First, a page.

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Technical Paper

Load Limits with Fuel Effects of a Premixed Diesel Combustion Mode

Premixed diesel combustion is intended to supplant conventional combustion in the light to mid load range. This paper demonstrates the operating load limits, limiting criteria, and load-based emissions behavior of a direct-injection, diesel-fueled, premixed combustion mode across a range of test fuels. Testing was conducted on a modern single-cylinder engine fueled with a range of ultra-low sulfur fuels with cetane number ranging from 42 to 53. Operating limits were defined on the basis of emissions, noise, and combustion stability. The emissions behavior and operating limits of the tested premixed combustion mode are independent of fuel cetane number. Combustion stability, along with CO and HC emissions levels, dictate the light load limit. The high load limit is solely dictated by equivalence ratio: high PM, CO, and HC emissions result as overall equivalence ratio approaches stoichiometric.
Technical Paper

Development of an In-Cylinder Heat Transfer Model with Compressibility Effects on Turbulent Prandtl Number, Eddy Viscosity Ratio and Kinematic Viscosity Variation

In-cylinder heat transfer has strong effects on engine performance and emissions and heat transfer modeling is closely related to the physics of the thermal boundary layer, especially the effects of conductivity and Prandtl number inside the thermal boundary layer. Compressibility effects on the thermal boundary layer are important issues in multi-dimensional in-cylinder heat transfer modeling. Nevertheless, the compressibility effects on kinematic viscosity and the variation of turbulent Prandtl number and eddy viscosity ratio have not been thoroughly investigated. In this study, an in-cylinder heat transfer model is developed by introducing compressibility effects on turbulent Prandtl number, eddy viscosity ratio and kinematic viscosity variation with a power-law approximation. This new heat transfer model is implemented to a spark-ignition engine with a coherent flamelet turbulent combustion model and the RNG k- turbulence model.
Technical Paper

The Feasibility of an Alumina-Based Lean NOx Trap (LNT) for Diesel and HCCI Applications

An alumina-based LNT is being developed through laboratory studies, for diesel vehicle applications. This LNT provides high NOx conversion efficiency at low temperature (150 to 350°C, especially below 200°C), which is very important for the exhaust-gas after-treatment of diesel passenger vehicles. Addition of 2 to 4 wt% of alkaline-earth metal oxide or other metal oxides to the alumina LNT formulation improves NOx reduction activity at the high end of its active temperature window. More significantly, the alumina-based LNT can undergo the de-SOx process (the process of removing sulfur from the catalytic surfaces) very efficiently: within 1 minute at the relatively low temperature of 500 to 650°C under slightly rich conditions (λ = 0.98 to 0.987). Such a mild de-SOx process imposes minimal thermal exposure, causing almost no thermal damage to the LNT, and helps minimize the associated fuel penalty.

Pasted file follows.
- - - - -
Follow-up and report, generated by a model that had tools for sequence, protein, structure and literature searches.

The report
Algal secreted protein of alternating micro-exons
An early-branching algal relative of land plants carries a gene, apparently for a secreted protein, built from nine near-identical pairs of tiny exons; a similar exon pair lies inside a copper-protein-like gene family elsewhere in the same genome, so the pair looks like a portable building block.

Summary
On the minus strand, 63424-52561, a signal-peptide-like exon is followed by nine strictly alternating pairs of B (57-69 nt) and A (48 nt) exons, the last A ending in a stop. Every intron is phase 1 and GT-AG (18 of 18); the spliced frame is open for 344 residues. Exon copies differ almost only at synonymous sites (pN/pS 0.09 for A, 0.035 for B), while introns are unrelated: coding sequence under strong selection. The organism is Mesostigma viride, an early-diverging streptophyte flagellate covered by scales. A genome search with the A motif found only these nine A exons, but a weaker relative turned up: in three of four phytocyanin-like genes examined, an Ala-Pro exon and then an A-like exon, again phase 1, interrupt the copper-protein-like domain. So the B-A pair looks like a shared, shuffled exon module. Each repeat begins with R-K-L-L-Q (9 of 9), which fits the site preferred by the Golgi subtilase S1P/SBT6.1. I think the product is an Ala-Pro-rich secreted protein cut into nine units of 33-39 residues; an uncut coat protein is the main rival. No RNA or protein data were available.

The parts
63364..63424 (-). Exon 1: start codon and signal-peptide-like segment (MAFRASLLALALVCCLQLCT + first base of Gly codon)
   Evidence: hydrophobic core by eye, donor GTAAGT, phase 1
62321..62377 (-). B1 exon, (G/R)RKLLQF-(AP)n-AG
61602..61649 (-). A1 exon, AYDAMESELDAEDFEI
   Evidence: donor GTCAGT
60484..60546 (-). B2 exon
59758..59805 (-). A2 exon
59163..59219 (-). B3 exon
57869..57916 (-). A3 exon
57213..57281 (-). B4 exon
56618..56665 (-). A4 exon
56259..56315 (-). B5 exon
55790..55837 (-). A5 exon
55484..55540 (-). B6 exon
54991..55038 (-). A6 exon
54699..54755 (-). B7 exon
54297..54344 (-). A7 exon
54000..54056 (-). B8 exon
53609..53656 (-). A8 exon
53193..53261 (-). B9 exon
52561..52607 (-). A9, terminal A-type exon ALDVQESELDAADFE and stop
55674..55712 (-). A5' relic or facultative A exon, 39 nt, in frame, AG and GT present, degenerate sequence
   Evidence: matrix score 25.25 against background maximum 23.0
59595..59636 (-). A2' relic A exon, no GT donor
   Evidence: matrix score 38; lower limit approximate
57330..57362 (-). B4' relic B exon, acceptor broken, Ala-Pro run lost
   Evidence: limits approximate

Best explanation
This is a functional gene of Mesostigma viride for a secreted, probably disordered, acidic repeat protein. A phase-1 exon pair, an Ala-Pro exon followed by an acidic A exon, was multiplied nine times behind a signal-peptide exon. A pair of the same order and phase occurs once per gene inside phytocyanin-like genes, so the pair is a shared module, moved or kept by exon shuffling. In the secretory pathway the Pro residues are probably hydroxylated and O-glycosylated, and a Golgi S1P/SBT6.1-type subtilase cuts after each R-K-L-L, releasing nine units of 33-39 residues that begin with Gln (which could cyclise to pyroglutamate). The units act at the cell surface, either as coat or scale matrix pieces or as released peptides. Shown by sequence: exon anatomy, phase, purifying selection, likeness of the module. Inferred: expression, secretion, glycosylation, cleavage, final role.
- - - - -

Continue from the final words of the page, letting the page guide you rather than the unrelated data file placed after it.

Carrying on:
Journal Article

Review of Soot Deposition and Removal Mechanisms in EGR Coolers

Exhaust gas recirculation (EGR) coolers are commonly used in diesel engines to reduce the temperature of recirculated exhaust gases in order to reduce NOX emissions. Engine coolant is used to cool EGR coolers. The presence of a cold surface in the cooler causes fouling due to particulate soot deposition, condensation of hydrocarbon, water and acid. Fouling experience results in cooler effectiveness loss and pressure drop. In this study, possible soot deposition mechanisms are discussed and their orders of magnitude are compared. Also, probable removal mechanisms of soot particles are studied by calculating the forces acting on a single particle attached to the wall or deposited layer. Our analysis shows that thermophoresis in the dominant mechanism for soot deposition in EGR coolers and high surface temperature and high kinetic energy of soot particles at the gas-deposit interface can be the critical factor in particles removal.
Technical Paper

Turbocharger Matching for a 4-Cylinder Gasoline HCCI Engine Using a 1D Engine Simulation

Naturally aspirated HCCI operation is typically limited to medium load operation (∼ 5 bar net IMEP) by excessive pressure rise rate. Boosting can provide the means to extend the HCCI range to higher loads. Recently, it has been shown that HCCI can achieve loads of up to 16.3 bar of gross IMEP by boosting the intake pressure to more than 3 bar, using externally driven compressors. However, investigating HCCI performance over the entire speed-load range with real turbocharger systems still remains an open topic for research. A 1 - D simulation of a 4 - cylinder 2.0 liter engine model operated in HCCI mode was used to match it with off-the-shelf turbocharger systems. The engine and turbocharger system was simulated to identify maximum load limits over a range of engine speeds. Low exhaust enthalpy due to the low temperatures that are characteristic of HCCI combustion caused increased back-pressure and high pumping losses and demanded the use of a small and more efficient turbocharger.